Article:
Image by Med3D: Transfer Learning for 3D Medical Image Analysis. Source
This table exposes the need for large-scale medical imaging datasets. ResNet’s show a huge gain both in segmentation (left column) as well as in classification (right column). Notice that lung segmentation exhibits a bigger gain due to the task relevance. In both cases, only the encoder was pretrained.
Teacher-Student Transfer Learning for Histology Image Classification
This is a more recent transfer learning scheme. It is also considered as semi-supervised transfer learning. First, let’s analyze how the teacher-student methods work. As you can imagine there are two networks named teacher and student. Transfer learning in this case refers to moving knowledge from the teacher model to the student. For the record, this method holds one of the best performing scores on image classification in ImageNet by Xie et al. 2020 . An important concept is pseudo-labeling, where a trained model predicts labels on unlabeled data. The generated labels (pseudo-labels) are then used for further training.
The teacher network is trained on a small labeled dataset. Then, it is used to produce pseudo-labels in order to predict the labels for a large unlabeled dataset.
The student network is trained on both labeled and pseudo-labeled data. It iteratively tries to improve pseudo labels. It is a common practice to add noise to the student for better performance while training. Noise can be any data augmentation such as rotation, translation, cropping. Finally, we use the trained student to pseudo-label all the unlabeled data again.
In the teacher-student learning framework, the performance of the model depends on the similarity between the source and target domain. When the domains are more similar, higher performance can be achieved. The best performance can be achieved when the knowledge is transferred from a teacher that is pre-trained on a domain that is close to the target domain.
Such an approach has been tested on small-sized medical images by Shaw et al . Specifically, they applied this method on digital histology tissue images. The tissue is stained to highlight features of diagnostic value.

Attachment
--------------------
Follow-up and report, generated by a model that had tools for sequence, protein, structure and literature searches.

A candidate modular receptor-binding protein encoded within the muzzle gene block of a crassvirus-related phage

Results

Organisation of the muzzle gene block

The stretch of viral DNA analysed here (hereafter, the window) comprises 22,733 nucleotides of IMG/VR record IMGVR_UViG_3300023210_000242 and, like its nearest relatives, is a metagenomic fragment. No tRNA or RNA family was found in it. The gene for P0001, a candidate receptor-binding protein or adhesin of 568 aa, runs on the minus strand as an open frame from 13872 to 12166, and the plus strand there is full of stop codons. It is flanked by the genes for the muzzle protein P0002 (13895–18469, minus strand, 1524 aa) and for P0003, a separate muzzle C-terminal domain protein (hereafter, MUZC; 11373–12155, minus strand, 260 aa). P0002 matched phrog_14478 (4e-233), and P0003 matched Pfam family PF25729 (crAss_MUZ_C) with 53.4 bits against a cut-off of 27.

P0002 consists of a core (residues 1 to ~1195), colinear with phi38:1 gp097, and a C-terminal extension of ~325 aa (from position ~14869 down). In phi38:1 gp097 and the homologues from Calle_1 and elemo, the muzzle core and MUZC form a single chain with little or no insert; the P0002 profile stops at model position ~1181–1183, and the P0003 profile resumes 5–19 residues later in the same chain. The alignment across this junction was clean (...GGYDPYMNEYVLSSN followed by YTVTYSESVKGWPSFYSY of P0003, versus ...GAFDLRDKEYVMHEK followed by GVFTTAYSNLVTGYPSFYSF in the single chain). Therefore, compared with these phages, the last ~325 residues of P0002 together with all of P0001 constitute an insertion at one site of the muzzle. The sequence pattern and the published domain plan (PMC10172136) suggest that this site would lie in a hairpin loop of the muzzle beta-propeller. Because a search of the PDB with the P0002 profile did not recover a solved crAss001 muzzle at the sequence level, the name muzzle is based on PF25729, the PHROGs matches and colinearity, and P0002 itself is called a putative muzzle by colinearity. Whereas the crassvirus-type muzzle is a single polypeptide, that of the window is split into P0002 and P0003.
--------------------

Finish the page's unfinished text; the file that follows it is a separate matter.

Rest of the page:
Iterative teacher-student example for semi-supervised transfer learning. The image is taken from Shaw et al. . Source
This type of iterative optimization is a relatively new way of dealing with limited labels. At the end of the training the student usually outperforms the teacher. As a consequence, it becomes the next teacher that will create better pseudo-labels. This method is usually applied with heavy data augmentation in the training of the student, called noisy student.
We have briefly inspected a wide range of works around transfer learning in medical images. Still, it remains an unsolved topic since the diversity between domains (medical imaging modalities) is huge. That makes it challenging to transfer knowledge as we saw. Another interesting direction is self-supervised learning. We have not covered this category on medical images yet. I hope by now that you get the idea that simply loading pretrained models is not going to work in medical images. Until the ImageNet-like dataset of the medical world is created, stay tuned. And if you liked this article, share it with your community :)
Want more hands-on experience in AI in medical imaging? Apply what you learned in the AI for Medicine course.
-  Raghu, M., Zhang, C., Kleinberg, J., & Bengio, S. (2019). Transfusion: Understanding transfer learning for medical imaging. In Advances in neural information processing systems (pp. 3347-3357).
-  Chen, S., Ma, K., & Zheng, Y. (2019). Med3d: Transfer learning for 3d medical image analysis. arXiv preprint arXiv:1904.00625.
-  Taleb, A., Loetzsch, W., Danz, N., Severin, J., Gaertner, T., Bergner, B., & Lippert, C. (2020). 3D Self-Supervised Methods for Medical Imaging. arXiv preprint arXiv:2006.03829.
-  Wacker, J., Ladeira, M., & Nascimento, J. E. V. (2019). Transfer Learning for Brain Tumor Segmentation. arXiv preprint arXiv:1912.12452.
-  Xie, Q., Luong, M. T., Hovy, E., & Le, Q. V. (2020). Self-training with noisy student improves imagenet classification. In Proceedings of the IEEE/CVF Conference on Computer Vision and Pattern Recognition (pp. 10687-10698).
- [wikipedia. lung nodule](https://en.wikipedia.org/wiki/Lung_nodule)
-  Shaw, S., Pajak, M., Lisowska, A., Tsaftaris, S. A., & O'Neil, A. Q. (2020). Teacher-Student chain for efficient semi-supervised histology image classification. arXiv preprint arXiv:2003.08797.